“The Son of David, the Son of Abraham…” The entire genealogy of Matthew is ordained to show that Christ is the promised Son of David and also the fulfillment of the promises made to Abraham, our father in faith. The fulfillment of God’s promises to both of these men, and his fidelity to his covenants with them, is a reality that becomes more and more apparent as the Gospel progresses. As for Abraham, he is the recipient of the most concrete manifestation of God’s election at the beginning of Israel’s history, and the “first father” from whom the people of Israel spring. As God said to him: “And I will make of you a great nation, and I will bless you, and make your name great, so that you will be a blessing…and by you all the families of the earth shall be blessed” (Gen 12:2-3); “I will indeed bless you, and I will multiply your descendants as the stars of heaven and as the sand which is on the seashore” (Gen 22:17). Indeed, even more vividly and expansively, God says to Abraham:

Behold, my covenant is with you, and you shall be the father of a multitude of nations. No longer shall your name be Abram, but your name shall be Abraham; for I have made you the father of a multitude of nations. I will make you exceedingly fruitful; and I will make nations of you, and kings shall come forth from you. And I will establish my covenant between me and you and your descendants after you throughout their generations for an everlasting covenant, to be God to you and to your descendant after you. And I will give to you, and to your descendants after you, the land of your sojournings, all the land of Canaan, for an everlasting possession; and I will be their God. (Gen 17:4-8)

All people who claim to adhere to the one God who spoke into our world in biblical revelation claim to be children of Abraham: Jews, Muslims, and Christians. Of course, our stance before this revelation differs, as does our place in this line: Jews still await the coming of the Messiah, whom they have not yet acknowledged in Jesus Christ; they adhere to the Torah, to the first books of the Old Testament, near to us in clinging to the one God of heaven and earth and in openness to his Anointed, and yet not recognizing the fulfillment of all God’s promises in Jesus Christ, the true Anointed, and the everlasting Son of God. Muslims, on the other hand, stand in a unique position, since they do not stand in the line of Israel, but trace their history back to Ishmael, Abraham’s first born son, through the slave woman, Hagar (see Gen 16 and 21) . Founded in the seventh century, A.D., after the close of God’s explicit written revelation (which culminated in Christ and the founding of the Church, after which no further public revelation is to be expected) the Muslim faith, while admirably practiced with a touching fervor, dismisses the coming of Christ and also separates itself from the historical developments of God’s activity in history. In fact, it also sets aside the full richness of authentic biblical revelation and practice, even as found in the Old Testament, separating itself from God’s original revelation and replacing it with the Koranic text and Islamic practice, which, while bearing traits of biblical faith, has narrowed them as well as inserted elements wholly foreign to them.*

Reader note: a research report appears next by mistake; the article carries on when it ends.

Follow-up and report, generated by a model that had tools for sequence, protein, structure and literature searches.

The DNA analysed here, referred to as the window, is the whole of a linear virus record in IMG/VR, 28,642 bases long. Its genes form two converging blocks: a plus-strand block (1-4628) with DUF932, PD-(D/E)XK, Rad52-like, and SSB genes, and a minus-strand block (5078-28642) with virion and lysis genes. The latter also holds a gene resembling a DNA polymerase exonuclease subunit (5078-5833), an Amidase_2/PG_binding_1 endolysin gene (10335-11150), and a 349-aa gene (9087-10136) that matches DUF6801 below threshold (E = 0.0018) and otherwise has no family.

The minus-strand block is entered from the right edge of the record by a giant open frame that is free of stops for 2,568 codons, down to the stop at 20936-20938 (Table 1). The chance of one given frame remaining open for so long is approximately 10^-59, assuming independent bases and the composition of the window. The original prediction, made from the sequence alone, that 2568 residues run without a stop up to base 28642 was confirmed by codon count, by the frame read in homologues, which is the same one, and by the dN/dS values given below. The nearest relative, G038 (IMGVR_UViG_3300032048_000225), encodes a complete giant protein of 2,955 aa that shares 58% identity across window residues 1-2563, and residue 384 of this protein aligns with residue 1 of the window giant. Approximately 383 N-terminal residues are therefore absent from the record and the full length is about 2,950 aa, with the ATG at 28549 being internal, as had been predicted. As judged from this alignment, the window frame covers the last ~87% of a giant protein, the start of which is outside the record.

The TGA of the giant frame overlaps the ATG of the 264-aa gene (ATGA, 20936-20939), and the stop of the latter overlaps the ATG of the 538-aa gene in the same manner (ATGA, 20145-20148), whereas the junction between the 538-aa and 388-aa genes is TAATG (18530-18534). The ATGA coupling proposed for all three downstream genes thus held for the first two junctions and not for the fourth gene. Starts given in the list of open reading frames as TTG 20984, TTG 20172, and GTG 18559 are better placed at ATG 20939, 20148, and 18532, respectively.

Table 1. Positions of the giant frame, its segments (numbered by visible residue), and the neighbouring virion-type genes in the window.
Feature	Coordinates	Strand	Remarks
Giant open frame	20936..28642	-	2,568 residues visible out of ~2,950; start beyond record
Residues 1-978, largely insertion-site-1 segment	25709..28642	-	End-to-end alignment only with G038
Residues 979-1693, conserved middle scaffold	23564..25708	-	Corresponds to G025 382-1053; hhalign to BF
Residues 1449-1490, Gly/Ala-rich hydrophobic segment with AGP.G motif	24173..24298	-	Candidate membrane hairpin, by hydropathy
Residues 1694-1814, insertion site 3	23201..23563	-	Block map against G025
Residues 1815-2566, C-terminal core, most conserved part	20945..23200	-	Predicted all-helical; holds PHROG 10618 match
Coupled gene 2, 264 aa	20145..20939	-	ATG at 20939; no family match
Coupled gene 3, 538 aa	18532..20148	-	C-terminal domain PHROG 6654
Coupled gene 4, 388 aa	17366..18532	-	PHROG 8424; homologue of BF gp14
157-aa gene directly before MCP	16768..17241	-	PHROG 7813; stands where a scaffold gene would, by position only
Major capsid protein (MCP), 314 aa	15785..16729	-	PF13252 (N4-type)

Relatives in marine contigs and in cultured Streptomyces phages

We see again, here, precisely why Matthew thinks that it is so important to place a genealogy at the beginning of his Gospel: to show that Jesus Christ is indeed the long-awaited Messiah, the true inheritor of the promises made to Abraham, and expanded through David, the true Promised One in whom God’s blessing extends to all nations, and the everlasting King. Abraham, Isaac, Jacob… “The God of Abraham, Isaac, and Jacob, the God of Jesus Christ.” The God who is manifest in history and ties himself intricately into our history! What humility! We may prefer it otherwise, may prefer that God comes to each individual directly, unmediated by history, in the depths of their heart. And, of course, he does this as well, intimately and deeply. But we are incarnate beings, living a rich life of immersion in the fabric of time and space, situated in a particular place in both space and in history; we are caught up inseparably and a network of relationships stretching from east to west, vertically and horizontally, and into both past and future. We are all united, woven together, as it were, in a single fabric of humanity. Our history is all one; we all live it together; for it is His Story enfolding us all and seeking to be realized in the life of each one of us, uniting us all together in a single restored family, a single communion that shares in the communion of his own divine life. Yes, and at the heart of this Story, at its climax and culmination, stands the Cross and Resurrection of Jesus Christ: here the Son of God made man is raised aloft, while all the lines of history and all the aspirations, sufferings, and joys of humanity intersect on a single point, his own Crucified and Risen Heart. Yes, here he reaches out with universal scope and unbounded depth, to the highest heights of heaven and the deepest depths of hell, to the beginnings of history and to its final consummation, and to each and every human life, every single culture, and every experience that there has ever been or will be. He makes it all his own within the expansiveness of his own divine-human embrace; he co-experiences it all with us and for us, and thus makes a home for it within his own redeeming and reconciling love.